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3 minutes ago, SteveJ said:

Don't be silly. You don't test seat belts that way. You attach heavy chains to the rear bumper with some slack. Then you accelerate quickly. Once the slack has been removed, the car comes to a sudden stop, and the driver and passenger test the seat belt integrity. At least that's how my mechanic checked mine.

I've printed your comment and passed it along to my mechanic to use during my next maintenance interval visit.  It's good I still have the tie down hooks on the rear so he can easily attach the chains.

Dennis

 

 

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That’s a good point. Dynos exist. 
 

is it possible that SZR could have caused an oil leak at the rear main seal by doing burnouts (and god knows what else) in my car? 

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Not any mechanic I would use. Like Wheee said, I don't do burnouts in my car why would I let my mechanic do it.

 

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I am guessing possible  Ujoint Damage, differential damage, clutch damage, Front Differential Mount Damage, maybe differential retaining strap damage and a louder clunk.

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Brad’s explanation for the burnouts is cut and pasted directly from his email. Perhaps next I’ll post his explanation for SZR’s failed electrical work.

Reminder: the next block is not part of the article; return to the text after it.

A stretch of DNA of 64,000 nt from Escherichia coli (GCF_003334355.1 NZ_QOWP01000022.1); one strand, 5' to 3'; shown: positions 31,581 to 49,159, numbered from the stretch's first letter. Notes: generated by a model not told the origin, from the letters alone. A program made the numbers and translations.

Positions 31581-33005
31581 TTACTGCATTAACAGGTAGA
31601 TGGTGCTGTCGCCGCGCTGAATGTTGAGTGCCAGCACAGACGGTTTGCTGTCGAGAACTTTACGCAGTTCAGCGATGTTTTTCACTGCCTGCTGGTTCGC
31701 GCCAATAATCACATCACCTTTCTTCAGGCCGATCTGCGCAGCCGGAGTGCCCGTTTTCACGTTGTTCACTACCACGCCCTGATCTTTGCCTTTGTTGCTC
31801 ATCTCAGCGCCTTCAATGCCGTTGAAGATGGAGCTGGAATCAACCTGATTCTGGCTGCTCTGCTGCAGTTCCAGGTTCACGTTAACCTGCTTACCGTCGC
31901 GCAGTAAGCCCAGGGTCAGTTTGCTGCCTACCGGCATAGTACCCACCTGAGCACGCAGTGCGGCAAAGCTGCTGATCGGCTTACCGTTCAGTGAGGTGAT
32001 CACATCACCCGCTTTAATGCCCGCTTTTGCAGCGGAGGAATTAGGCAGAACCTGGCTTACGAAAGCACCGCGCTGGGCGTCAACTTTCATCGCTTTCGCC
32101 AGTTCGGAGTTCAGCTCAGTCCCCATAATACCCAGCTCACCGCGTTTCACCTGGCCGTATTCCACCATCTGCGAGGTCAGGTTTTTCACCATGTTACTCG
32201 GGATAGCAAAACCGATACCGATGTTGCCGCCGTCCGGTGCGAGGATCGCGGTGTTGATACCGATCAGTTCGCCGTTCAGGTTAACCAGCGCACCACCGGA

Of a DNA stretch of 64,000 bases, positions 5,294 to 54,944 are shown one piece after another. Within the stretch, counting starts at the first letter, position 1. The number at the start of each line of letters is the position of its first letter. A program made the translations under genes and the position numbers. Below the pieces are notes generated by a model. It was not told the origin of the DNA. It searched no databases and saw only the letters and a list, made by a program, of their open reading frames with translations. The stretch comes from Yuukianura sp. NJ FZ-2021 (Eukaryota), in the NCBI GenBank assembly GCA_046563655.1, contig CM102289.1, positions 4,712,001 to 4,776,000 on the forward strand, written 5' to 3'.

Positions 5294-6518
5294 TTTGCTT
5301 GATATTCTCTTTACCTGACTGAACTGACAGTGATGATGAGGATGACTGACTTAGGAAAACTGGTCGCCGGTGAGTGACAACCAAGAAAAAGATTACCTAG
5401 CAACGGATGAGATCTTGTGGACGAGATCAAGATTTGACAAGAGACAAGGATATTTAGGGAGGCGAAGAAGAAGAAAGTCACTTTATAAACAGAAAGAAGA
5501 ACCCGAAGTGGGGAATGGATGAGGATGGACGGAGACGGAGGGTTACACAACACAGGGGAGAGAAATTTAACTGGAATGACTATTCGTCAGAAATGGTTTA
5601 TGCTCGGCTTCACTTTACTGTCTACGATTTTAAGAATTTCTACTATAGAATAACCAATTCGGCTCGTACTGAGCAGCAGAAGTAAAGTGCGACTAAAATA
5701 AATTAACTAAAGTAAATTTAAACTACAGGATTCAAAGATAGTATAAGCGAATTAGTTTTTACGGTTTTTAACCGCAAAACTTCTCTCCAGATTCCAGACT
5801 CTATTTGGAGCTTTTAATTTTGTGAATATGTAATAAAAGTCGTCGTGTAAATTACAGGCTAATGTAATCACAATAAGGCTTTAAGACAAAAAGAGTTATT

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3 minutes ago, 718Miata said:

Brad’s explanation for the burnouts is cut and pasted directly from his email. Perhaps next I’ll post his explanation for SZR’s failed electrical work. 

We all like a good chuckle, sorry it's on your dime though.

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Great conversation - complete Homer Simpson!  Don't take your car to them any more.

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Wow.  Reading this post really put me in a bad mood.  Beat the crap out of someone else's classic car....

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2 hours ago, 87mj said:

Wow.  Reading this post really put me in a bad mood.  Beat the crap out of someone else's classic car....

...and then charge them money for it and tell them it's all fixed!  Unbelievable.

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4 hours ago, grannyknot said:

...and then charge them money for it and tell them it's all fixed!  Unbelievable.

Is there a state licensing board to complain to?

I’d be interested in seeing the service procedural checklist and summary sheet.

If they have one it probably looks something like this:

  1. Replace plugs, wires, points, rotor, condenser, & cap
  2. Set timing
  3. Check brakes for wear
  4. Check brake fluid
  5. Check tire pressure
  6. Adjust clutch
  7. Change oil & filter
  8. Top off radiator fluid
  9. Check to see if owner is in the waiting area
  10. Drive it like you stole it
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So I sent an email to Brad Hobbs, SZR Pro’s manager about everyone’s feedback, and received a response.  Pretty lousy response, if you ask me.

 

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Edited by 718Miata